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Guessbots navigate by making informed predictions

Nilay Patel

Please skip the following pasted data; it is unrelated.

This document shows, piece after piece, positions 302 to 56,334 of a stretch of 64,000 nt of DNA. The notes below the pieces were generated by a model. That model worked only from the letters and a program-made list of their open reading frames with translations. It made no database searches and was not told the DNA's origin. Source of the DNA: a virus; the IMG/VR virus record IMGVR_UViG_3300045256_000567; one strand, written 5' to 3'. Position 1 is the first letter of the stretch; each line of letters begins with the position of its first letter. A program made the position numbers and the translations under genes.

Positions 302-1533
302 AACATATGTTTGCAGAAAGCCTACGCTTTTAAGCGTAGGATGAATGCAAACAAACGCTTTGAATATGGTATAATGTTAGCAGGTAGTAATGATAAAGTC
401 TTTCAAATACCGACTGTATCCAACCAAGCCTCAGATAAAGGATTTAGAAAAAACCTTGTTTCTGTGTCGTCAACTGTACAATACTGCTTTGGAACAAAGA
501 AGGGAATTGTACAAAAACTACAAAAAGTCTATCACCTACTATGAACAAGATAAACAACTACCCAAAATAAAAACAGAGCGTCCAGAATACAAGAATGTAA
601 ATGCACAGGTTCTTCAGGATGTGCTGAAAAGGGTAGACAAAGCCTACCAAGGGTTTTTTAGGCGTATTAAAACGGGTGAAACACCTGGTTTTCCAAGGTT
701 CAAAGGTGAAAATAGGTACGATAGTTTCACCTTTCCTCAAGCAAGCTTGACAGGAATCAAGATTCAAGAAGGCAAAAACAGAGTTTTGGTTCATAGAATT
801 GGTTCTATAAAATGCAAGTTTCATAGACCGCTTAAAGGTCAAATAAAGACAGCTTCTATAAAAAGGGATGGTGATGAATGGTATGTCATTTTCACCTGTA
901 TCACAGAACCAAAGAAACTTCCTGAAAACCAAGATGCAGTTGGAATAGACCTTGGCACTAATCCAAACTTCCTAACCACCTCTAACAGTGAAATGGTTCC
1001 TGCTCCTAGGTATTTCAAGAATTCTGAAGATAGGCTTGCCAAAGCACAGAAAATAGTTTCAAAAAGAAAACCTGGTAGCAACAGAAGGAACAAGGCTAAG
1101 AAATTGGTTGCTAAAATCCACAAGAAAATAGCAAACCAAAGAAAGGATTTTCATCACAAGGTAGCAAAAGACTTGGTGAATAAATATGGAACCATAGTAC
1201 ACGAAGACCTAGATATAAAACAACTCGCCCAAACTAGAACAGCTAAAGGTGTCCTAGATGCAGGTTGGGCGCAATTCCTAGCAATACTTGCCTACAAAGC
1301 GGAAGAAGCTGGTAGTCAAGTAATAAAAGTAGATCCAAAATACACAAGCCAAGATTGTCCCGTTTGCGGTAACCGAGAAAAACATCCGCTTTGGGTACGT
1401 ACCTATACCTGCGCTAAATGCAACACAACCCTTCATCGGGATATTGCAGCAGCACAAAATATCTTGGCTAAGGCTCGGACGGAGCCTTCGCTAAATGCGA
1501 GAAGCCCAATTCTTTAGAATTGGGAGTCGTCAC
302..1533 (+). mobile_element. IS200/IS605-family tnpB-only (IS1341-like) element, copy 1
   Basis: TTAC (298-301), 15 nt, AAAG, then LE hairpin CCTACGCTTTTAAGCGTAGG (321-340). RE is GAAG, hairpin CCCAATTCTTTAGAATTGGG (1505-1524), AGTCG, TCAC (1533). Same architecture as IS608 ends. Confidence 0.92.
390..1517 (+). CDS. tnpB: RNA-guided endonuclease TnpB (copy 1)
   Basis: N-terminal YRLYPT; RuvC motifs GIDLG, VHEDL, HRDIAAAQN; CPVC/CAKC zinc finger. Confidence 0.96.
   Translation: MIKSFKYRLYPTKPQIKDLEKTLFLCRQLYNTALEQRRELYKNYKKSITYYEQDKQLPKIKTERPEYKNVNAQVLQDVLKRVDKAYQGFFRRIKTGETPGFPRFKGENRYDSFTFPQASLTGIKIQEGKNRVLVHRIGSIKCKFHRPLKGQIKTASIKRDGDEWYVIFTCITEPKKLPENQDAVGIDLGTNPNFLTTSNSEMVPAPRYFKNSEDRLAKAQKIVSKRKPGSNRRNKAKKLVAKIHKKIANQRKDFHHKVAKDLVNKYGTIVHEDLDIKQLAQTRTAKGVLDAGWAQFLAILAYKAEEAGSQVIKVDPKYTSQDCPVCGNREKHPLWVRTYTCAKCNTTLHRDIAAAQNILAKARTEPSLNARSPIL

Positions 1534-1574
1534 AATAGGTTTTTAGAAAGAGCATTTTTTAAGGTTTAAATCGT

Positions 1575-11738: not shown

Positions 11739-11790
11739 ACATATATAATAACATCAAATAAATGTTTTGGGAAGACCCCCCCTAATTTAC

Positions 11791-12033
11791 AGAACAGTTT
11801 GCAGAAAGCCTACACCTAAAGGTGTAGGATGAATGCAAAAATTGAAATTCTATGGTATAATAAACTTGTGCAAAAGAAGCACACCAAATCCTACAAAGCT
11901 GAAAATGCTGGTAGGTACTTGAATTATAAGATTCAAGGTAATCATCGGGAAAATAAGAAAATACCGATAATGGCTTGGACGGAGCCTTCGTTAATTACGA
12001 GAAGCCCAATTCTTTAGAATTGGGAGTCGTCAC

A new system of robotic navigation being developed at Purdue University enhances a bot's ability to get around unfamiliar environments by allowing it to "guess" what unknown areas look like. Unlike the traditional method of "simulataneous localization and mapping" (hilariously nicknamed SLAM), in which bots take detailed measurements of an area to generate maps, the guessbots divide an area into cells and make predictions about "frontier cells," or areas adjacent to cells which have already been mapped. Each frontier cell is then assigned a "confidence score" -- cells with low scores need further investigation, while those with high scores can be added to the map. Initial computer simulations of the system resulted in virtual guessbots needing to map less than 33% of a building to navigate successfully, and while real-life prototyping already underway doesn't seem to have gotten quite as good, it's produced higher-quality maps in shorter amounts of time than SLAM, according to the developers. The guessbots do have limitations, however: they system only works well in highly-structured environments like buildings -- outdoors is probably out -- and like all robotic navigation systems, small measurement errors add up fast. Even still, let's hope this filters down to the consumer level fast -- a navigation system that's able to predict what's coming up next instead of blindly following a map just might keep us from wrecking all those cars.

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